Goodbye, Dragon Inn (2004) - Rotten Tomatoes

Goodbye, Dragon Inn (2004)

Goodbye, Dragon Inn (2004)



Critic Consensus: No consensus yet.

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Movie Info

In a cavernous movie palace, King Hu's classic 1968 film Dragon Inn plays for a sparse crowd. As the movie progresses, the ticket-taker makes dinner, cleans the bathroom, and checks in on the projectionist. Audience members wander in and out, occasionally interacting in the restroom or the vast hallways that surround the theater proper. Minimally plotted, Tsai Ming-Liang's film is a poetic, dryly humorous portrait of a place and its denizens, and an homage to a director who influenced his career.


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Critic Reviews for Goodbye, Dragon Inn

All Critics (35) | Top Critics (13)

This elegiac 2003 comedy, by the Taiwanese director Tsai Ming-liang, is a requiem for a movie theatre.

Full Review… | June 2, 2014
New Yorker
Top Critic

A weird, funny, melancholy tribute to movies and movie-going, an opus for film geeks that rang my personal bell.

January 6, 2005
Chicago Tribune
Top Critic

Idiosyncratic, oddball movie that is both funny and moody.

Full Review… | December 17, 2004
San Francisco Chronicle
Top Critic

This is one of the most gorgeous and maturely composed movies you'll see this year.

Full Review… | October 29, 2004
Boston Globe
Top Critic

Tsai is hugely popular with film critics, I believe, in part because film critics actually have something to do while watching his films. While the girl is limping down the hallway, we can take notes. Regular theatergoers? They can only watch helplessly.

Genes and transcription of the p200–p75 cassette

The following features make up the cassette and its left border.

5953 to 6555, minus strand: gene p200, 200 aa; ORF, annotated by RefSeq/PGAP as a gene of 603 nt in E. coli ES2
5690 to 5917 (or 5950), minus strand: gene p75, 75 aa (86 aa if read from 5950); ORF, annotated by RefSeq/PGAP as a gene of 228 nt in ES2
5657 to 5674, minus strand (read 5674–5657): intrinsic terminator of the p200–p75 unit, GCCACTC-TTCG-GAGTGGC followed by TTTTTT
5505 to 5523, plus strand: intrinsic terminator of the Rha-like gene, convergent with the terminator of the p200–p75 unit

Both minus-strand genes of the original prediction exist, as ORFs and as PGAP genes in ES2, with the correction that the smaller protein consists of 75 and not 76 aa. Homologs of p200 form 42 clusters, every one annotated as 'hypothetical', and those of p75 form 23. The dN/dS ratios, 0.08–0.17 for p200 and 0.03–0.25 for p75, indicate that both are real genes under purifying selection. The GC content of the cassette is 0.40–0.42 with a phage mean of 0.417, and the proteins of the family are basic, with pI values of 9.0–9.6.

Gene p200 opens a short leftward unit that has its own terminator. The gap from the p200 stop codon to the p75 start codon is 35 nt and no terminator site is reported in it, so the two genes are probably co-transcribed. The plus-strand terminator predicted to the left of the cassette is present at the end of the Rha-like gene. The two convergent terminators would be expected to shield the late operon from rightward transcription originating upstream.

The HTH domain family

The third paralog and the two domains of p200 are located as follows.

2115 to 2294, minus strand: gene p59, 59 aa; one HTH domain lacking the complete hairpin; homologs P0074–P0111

Full Review… | October 15, 2004
Seattle Times
Top Critic

The real star of the movie is the doomed movie house itself, and the dominant subtext is the emotional transaction between the viewer and his (or her) more vividly vicarious adventures projected on-screen.

Full Review… | October 1, 2004
New York Observer
Top Critic

Audience Reviews for Goodbye, Dragon Inn

A haunting, gorgeous and nearly-silent tribute to the experience of cinema-going that perfectly combines melancholy and deadpan humor, with a deliberate pacing that may prove too slow to casual moviegoers as it puts at times a good deal of emphasis on still moments.

Carlos Magalhães
Carlos Magalhães

Super Reviewer

Ming-liang's Goodbye, Dragon Inn is a contemplative mood piece that centers around a moaning, leaking, dilapidated movie theater in order to convey truths about the evolving nature of society and what this process leaves behind. Defined by voyeurism, claustrophobia, and constant rain, the elegantly composed ruin is a home to a handful of filmgoers unbothered by and uninterested in the film projected on the screen, Ming-liang juxtaposing the traditional action film with the more modern existentialism these people feel as they wander around aimlessly inside of the cavernous relic of the past. These people are lost in the constantly progressing world in which current iconography is immediately forgotten, their time in the haunted theater nothing more than a distraction; this gets to the heart of why we go to the movies, commenting on the fact the the world briefly manifests its sense of self in modes of entertainment before moving on, leaving what was in the past forever.

Reece Leonard
Reece Leonard

the apex of tsai's cinema, a pure distillation of movie love, both profound and simple. there are only 5 or 6 lines of dialogue in the film. you've been warned

Stella Dallas
Stella Dallas

Super Reviewer

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